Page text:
[vc_row][vc_column][vc_column_text]Have you been running your business for a while and are now considering whether to incorporate? As with any major decision in life, it’s important to research your options thoroughly before you make a decision. Take a few minutes to read below for a comprehensive list of pros and cons on incorporating your business.
Lower Corporate Tax Rate
Business income earned by a corporation is taxed at the corporate tax rate for the province in which you run the business. However, if your business is unincorporated, the income earned by a self-employed person would need to be reported on the personal tax return and taxed at the applicable marginal tax rate.
One of the benefits of incorporating your business is that the income earned is taxed at the lower corporate tax rate in comparison to the marginal tax rate on the personal tax return. You may want to discuss with your accountant for the optimal income amount in which incorporation would be advantageous. Here’s a basic example to illustrate the idea:
Let’s suppose you are self-employed and are profiting $100,000 from your business each year. You live in the province of Ontario and are wondering whether it would be beneficial for you to incorporate your business.
As a self-employed person, your personal tax rate and taxes payable on the $100,000 are as follows:
Personal marginal tax rate: 43.41%
Average tax rate: 24.93%
Taxes payable: $24,931
As a corporation, the corporate tax rate and taxes payable on the $100,000 are as follows:
Corporate tax rate: 15%
Effective tax rate: 15%
Taxes payable: $15,000
By incorporating your business, you have effectively deferred $9,931 of taxes.
Lifetime Capital Gains Exemption
Unless you have a business background or you’ve spoken to an accounting professional, you may not have heard of Lifetime Capital Gains Exemption (LCGE). LCGE is a tax benefit that is only available to the owners of a qualified corporation at the time when the business is sold. Each individual is entitled to a lifetime $800,000 deduction against capital gain when disposing of shares (ie. ownership) of the corporation. This is known as the Qualified Small Business Corporation (QSBC) shares.
For example, let’s assume your business is worth $500,000 and you are seeking a potential buyer. If the shares of the corporation you are selling are QSBC shares, then the entire capital gain on the sale of business could be exempt from tax.
This tax benefit is only available to owners of a corporation and is not available to a self-employed person.
If you have a spouse/common-law partner or children, you can achieve income splitting by hiring them to work for the corporation. Income splitting effectively shifts income, that would otherwise be taxed at a higher tax bracket (such as yourself), to a lower tax bracket (such as your spouse/common-law partner). This requires you to be the higher income earner and your spouse to be the lower income earner in order to create a discrepancy due to the difference in tax brackets.
Let’s suppose you live in Ontario and you are the higher income earner. Your spouse does not have other sources of personal income. By distributing $100,000 from the corporation to yourself, the personal tax implication will be:
Your marginal tax rate: 43.41%
By splitting the income and distributing $50,000 to you and $50,000 to your spouse, the personal tax implication will be:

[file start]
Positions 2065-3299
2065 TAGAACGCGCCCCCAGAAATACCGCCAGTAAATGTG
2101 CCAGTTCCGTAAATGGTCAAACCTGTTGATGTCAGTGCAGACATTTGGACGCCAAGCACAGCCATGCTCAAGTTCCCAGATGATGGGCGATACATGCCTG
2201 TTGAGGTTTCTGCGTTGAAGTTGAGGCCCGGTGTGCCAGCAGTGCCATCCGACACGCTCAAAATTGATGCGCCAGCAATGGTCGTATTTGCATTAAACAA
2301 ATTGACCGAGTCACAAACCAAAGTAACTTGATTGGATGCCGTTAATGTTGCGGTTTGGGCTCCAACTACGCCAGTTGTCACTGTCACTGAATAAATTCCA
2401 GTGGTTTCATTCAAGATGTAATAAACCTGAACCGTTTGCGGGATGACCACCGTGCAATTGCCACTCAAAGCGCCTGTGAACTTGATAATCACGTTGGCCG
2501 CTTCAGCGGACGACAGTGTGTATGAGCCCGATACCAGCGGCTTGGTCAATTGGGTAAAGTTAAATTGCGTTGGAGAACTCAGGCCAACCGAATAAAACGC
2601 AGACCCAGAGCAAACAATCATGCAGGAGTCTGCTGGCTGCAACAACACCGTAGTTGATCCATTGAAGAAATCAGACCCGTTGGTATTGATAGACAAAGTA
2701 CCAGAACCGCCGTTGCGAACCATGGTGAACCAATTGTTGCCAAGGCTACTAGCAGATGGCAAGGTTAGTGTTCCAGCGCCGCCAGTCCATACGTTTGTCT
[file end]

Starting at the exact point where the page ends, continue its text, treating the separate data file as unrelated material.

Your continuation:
Your marginal tax rate: 29.65%
Your spouse’s marginal tax rate: 29.65%
The marginal tax rate on the same amount of income is significantly reduced through income splitting.
Note that in order to accomplish this, the salary/dividend paid to your spouse or children each year must be “reasonable”. This generally means that you should pay an amount that is considered reasonable based on the services they provide to the corporation.
When your business is incorporated, the corporation and you are considered two separate legal entities. This allows any obligation created by the business to remain within the corporation, thus your personal assets are protected. Generally speaking, your liability is only limited to the amount you have invested into the business. However, if you require financing, banks generally require a personal guarantee on loans for new businesses. In addition, you should note that directors of the corporation can still be held personally liable for certain areas of the corporation such as GST/HST and Payroll.
There are several types of cost involved with incorporating your business:
- Registration costs: There is a fee to file the articles of incorporation with the appropriate government department. You may also incur a professional service fee by hiring an accountant or lawyer to assist with the incorporation process.
- Bookkeeping costs: By law, you are required to maintain proper record keeping for your corporation. You are also required to have proper bookkeeping in order to prepare financial statements, which are documents needed to prepare the corporate tax return.
- Corporate tax filing fees: You may need to hire an accountant to prepare the corporate tax return and GST/HST return. If you have employees or distribute dividends during the year, you will also need to file a T4 and/or T5.
- Legal fees: From time to time, you may require additional legal services to prepare documents such as a shareholder agreement and corporate resolutions.
Generally, the more profit you earn in your business, the more advantageous it is to incorporate it, as there are more tax planning opportunities. Though, if your business is in a loss position, where it is earning minimal profit, it might not be an advisable option for you. Of course, there are many different angles to consider, so you are encouraged to speak with your accountant about the decision to incorporate, as this is a long-term commitment.